The Institute of Museum and Library Services (IMLS) in Washington, DC, awarded the National Art Education Association (NAEA) and Association of Art Museum Directors (AAMD) with a National Leadership Grant to fund research that will explore how single-visit programs affect K-12 students’ skills and capacities across five interrelated areas: 1) critical thinking, 2) creative thinking, 3) affective/sensorial response, 4) human connections/empathy, and 5) academic development. These five areas were selected based on previous research, input from museum educators, and theoretical writings. The hypothesis of the research is that, though short in duration, single-visit programs affect students in complex, multi-dimensional ways that are central to the education of young people.
The research design is rigorous to account for the many factors in a student’s life that can affect behavior. There is a control group and two treatment groups. The Control Group will not have experienced a single-visit to an art museum or an in-classroom art lesson. Treatment Group A will have an in-museum experience and Treatment Group B will have an in-classroom experience. We hypothesize that experiential differences will emerge between the Control Group and both treatment groups and between Treatment Group A and Treatment Group B.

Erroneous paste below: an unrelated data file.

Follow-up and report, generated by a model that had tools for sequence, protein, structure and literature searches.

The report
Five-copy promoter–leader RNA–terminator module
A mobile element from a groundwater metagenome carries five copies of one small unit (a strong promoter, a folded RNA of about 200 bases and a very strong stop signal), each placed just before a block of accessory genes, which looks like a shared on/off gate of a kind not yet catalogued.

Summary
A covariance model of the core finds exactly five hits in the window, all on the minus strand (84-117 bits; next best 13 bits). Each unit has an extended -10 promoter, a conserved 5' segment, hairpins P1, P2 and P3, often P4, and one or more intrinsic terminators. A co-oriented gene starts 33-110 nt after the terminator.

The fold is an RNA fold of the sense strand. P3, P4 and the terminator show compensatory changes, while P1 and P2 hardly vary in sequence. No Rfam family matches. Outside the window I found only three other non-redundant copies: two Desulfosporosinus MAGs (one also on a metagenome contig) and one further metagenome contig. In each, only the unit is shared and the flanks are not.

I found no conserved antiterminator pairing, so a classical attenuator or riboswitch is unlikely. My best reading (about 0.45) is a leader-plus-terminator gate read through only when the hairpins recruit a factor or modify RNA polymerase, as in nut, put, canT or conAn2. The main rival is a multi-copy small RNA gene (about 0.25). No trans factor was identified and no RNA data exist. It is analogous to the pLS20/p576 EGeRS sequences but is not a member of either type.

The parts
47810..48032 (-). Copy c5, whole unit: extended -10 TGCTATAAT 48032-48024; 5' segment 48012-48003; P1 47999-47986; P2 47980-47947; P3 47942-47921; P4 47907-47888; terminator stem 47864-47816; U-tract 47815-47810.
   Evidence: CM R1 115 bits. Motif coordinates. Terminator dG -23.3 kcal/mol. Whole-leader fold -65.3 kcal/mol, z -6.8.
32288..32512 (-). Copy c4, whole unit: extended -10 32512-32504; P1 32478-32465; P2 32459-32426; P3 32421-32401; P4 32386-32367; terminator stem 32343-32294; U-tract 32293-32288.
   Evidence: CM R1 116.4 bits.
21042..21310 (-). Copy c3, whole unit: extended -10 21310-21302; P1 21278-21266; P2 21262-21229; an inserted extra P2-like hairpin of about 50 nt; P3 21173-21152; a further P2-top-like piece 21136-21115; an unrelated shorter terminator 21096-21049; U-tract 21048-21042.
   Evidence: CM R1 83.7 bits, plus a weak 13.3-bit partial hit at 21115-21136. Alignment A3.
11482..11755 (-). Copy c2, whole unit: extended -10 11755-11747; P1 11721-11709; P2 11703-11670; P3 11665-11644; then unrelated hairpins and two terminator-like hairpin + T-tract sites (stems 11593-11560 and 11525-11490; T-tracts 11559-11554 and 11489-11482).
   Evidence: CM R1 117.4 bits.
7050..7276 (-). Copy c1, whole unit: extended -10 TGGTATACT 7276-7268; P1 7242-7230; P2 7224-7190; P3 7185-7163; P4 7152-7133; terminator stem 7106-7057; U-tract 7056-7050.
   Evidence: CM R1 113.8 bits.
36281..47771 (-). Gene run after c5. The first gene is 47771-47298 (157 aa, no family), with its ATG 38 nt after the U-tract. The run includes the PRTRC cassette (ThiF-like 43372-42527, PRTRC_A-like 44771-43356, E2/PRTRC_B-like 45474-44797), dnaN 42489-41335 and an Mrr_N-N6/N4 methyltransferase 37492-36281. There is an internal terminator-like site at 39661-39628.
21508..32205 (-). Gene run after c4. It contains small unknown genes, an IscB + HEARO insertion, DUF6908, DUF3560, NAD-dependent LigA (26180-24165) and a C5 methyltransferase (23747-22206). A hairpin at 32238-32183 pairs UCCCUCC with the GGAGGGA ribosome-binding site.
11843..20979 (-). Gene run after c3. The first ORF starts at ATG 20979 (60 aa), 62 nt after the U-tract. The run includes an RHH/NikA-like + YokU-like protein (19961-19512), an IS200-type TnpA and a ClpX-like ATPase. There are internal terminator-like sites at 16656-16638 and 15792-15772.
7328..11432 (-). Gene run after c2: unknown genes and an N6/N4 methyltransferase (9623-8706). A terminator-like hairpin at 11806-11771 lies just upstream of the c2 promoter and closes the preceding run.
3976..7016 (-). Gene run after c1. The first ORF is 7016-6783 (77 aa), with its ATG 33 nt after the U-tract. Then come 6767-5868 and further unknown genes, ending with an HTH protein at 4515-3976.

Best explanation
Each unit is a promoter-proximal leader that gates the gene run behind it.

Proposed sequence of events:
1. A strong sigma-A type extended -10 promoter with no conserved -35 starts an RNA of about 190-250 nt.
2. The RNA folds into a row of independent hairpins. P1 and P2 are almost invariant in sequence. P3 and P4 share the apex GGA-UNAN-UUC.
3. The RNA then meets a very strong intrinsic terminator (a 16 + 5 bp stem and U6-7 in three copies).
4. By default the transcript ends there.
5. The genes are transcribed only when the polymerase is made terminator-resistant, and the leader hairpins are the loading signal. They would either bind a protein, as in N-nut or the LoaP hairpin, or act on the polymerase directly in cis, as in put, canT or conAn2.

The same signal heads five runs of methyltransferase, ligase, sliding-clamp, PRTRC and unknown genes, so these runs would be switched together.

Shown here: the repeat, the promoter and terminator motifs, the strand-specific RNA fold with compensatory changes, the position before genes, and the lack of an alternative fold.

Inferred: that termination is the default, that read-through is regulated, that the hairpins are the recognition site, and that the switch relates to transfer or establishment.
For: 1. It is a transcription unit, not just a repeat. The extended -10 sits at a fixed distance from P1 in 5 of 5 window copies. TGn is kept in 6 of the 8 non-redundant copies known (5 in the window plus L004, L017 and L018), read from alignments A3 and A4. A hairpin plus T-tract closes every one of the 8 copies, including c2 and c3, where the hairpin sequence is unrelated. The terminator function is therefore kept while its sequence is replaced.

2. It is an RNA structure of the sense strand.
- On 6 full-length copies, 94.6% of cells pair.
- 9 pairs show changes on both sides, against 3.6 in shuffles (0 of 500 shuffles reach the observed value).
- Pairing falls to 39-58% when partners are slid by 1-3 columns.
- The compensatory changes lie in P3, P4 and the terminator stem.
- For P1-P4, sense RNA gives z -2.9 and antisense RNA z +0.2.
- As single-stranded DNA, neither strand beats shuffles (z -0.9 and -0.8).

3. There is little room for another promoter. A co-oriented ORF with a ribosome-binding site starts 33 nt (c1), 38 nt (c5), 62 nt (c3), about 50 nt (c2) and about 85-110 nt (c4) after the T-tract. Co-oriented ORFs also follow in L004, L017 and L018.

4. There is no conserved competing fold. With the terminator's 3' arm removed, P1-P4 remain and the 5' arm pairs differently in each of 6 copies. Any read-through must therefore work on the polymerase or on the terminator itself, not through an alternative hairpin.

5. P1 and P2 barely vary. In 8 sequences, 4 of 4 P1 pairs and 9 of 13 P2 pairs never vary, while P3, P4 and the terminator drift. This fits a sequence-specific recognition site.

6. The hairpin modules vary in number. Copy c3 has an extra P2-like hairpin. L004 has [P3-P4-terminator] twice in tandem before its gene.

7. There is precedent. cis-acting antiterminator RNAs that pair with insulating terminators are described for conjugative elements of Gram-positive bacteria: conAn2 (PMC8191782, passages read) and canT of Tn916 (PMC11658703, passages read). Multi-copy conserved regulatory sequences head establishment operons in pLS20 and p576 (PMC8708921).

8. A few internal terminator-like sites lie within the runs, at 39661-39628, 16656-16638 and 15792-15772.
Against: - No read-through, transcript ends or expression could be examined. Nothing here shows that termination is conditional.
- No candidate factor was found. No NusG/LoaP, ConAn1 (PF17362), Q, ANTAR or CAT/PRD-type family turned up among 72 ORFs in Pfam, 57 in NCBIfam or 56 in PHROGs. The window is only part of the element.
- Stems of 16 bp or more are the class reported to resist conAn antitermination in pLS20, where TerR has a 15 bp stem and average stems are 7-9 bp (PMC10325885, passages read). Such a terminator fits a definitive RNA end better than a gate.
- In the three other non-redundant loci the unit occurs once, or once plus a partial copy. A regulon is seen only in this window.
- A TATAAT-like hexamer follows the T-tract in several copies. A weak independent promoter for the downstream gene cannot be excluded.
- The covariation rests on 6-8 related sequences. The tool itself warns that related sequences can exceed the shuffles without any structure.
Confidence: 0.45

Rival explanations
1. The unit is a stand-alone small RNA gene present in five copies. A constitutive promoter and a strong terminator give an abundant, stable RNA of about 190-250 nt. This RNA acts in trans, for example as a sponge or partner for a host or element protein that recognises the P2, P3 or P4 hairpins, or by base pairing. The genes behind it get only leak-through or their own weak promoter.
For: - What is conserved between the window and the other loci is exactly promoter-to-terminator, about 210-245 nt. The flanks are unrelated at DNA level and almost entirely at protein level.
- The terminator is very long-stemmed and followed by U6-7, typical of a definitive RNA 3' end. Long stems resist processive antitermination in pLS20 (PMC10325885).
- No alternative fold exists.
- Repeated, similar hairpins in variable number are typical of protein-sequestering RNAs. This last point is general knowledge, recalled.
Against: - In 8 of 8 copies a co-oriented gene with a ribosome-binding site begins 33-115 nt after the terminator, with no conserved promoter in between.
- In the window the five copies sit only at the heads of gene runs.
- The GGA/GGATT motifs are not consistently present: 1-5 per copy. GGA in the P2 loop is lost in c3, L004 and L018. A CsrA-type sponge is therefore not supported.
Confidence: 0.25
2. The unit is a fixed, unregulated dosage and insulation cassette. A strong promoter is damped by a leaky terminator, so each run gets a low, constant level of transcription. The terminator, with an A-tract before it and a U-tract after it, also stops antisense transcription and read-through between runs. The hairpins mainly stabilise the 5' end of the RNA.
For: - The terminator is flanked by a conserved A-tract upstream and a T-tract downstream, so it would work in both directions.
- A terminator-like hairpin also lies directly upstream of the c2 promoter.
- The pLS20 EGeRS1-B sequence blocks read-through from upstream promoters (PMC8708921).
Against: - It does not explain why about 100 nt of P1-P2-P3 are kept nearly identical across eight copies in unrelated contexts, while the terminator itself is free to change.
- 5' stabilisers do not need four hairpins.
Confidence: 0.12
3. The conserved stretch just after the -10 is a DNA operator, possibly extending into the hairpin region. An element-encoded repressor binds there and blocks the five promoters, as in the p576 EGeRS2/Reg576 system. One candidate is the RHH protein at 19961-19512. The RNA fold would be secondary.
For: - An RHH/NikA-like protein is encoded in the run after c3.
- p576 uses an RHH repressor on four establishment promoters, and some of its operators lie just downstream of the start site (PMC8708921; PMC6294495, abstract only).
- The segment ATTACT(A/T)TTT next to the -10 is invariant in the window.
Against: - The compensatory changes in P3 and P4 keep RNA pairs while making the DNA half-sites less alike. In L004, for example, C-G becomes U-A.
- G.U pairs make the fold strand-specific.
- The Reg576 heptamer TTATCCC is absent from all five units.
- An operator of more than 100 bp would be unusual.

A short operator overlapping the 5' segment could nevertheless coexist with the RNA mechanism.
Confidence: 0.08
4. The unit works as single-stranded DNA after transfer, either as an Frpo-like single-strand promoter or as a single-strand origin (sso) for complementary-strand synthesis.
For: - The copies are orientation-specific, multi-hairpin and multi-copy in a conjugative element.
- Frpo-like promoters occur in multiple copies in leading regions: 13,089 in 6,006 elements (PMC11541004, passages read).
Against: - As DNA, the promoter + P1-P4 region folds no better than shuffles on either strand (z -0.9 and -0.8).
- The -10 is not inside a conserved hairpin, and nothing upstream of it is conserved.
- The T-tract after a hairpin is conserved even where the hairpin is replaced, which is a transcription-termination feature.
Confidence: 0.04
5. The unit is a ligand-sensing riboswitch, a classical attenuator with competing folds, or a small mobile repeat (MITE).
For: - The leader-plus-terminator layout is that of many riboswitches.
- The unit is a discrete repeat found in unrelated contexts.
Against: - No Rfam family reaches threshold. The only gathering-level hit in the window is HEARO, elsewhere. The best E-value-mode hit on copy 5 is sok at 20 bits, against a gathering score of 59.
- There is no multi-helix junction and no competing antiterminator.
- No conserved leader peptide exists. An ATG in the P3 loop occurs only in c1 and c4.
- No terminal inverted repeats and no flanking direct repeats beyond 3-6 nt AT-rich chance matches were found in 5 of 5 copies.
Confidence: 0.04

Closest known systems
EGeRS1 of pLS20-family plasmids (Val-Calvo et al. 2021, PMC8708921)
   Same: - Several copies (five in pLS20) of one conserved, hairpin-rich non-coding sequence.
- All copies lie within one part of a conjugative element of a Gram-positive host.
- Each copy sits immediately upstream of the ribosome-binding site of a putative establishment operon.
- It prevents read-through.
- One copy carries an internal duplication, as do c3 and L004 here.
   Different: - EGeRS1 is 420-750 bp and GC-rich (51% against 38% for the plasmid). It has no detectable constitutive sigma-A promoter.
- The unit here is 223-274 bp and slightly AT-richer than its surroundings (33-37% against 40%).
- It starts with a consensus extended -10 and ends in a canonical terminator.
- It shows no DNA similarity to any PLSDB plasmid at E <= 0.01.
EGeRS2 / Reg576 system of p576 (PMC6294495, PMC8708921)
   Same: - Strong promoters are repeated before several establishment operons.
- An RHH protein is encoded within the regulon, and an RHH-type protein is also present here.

NAEA, AAMD, and Randi Korn & Associates (RK&A), the research company selected to conduct the study, will select six museums across the country based on data from the field-wide survey that was administered to all art museums in 2015 with assistance from AAMD and NAEA. The sample of participating museums will:
• Be located across the United States and represent six regions as designated by the American Alliance of Museums
• Be of various sizes (based on the number of full-time education staff in education departments)
• Serve an ample number of students in targeted grade levels (currently grades 4 and 5)
• Serve Title 1 schools
• Have a student-teacher ratio of 16-20 (or fewer) students per facilitator/gallery teacher
• Include 4-5 (or fewer) stops at works of art during gallery program
• Train facilitators in more than one area, such as in art history and inquiry
• Conduct an evaluation/assessment (and implement the results)
• Articulate and apply outcomes to train facilitators
• Apply a constructivist approach in school-tour programs, as demonstrated by high ratings on the survey for the following actions:
– Group dialogue evolves in response to students’ comments and questions
– Facilitators ask open-ended question
– Content emerges organically from the group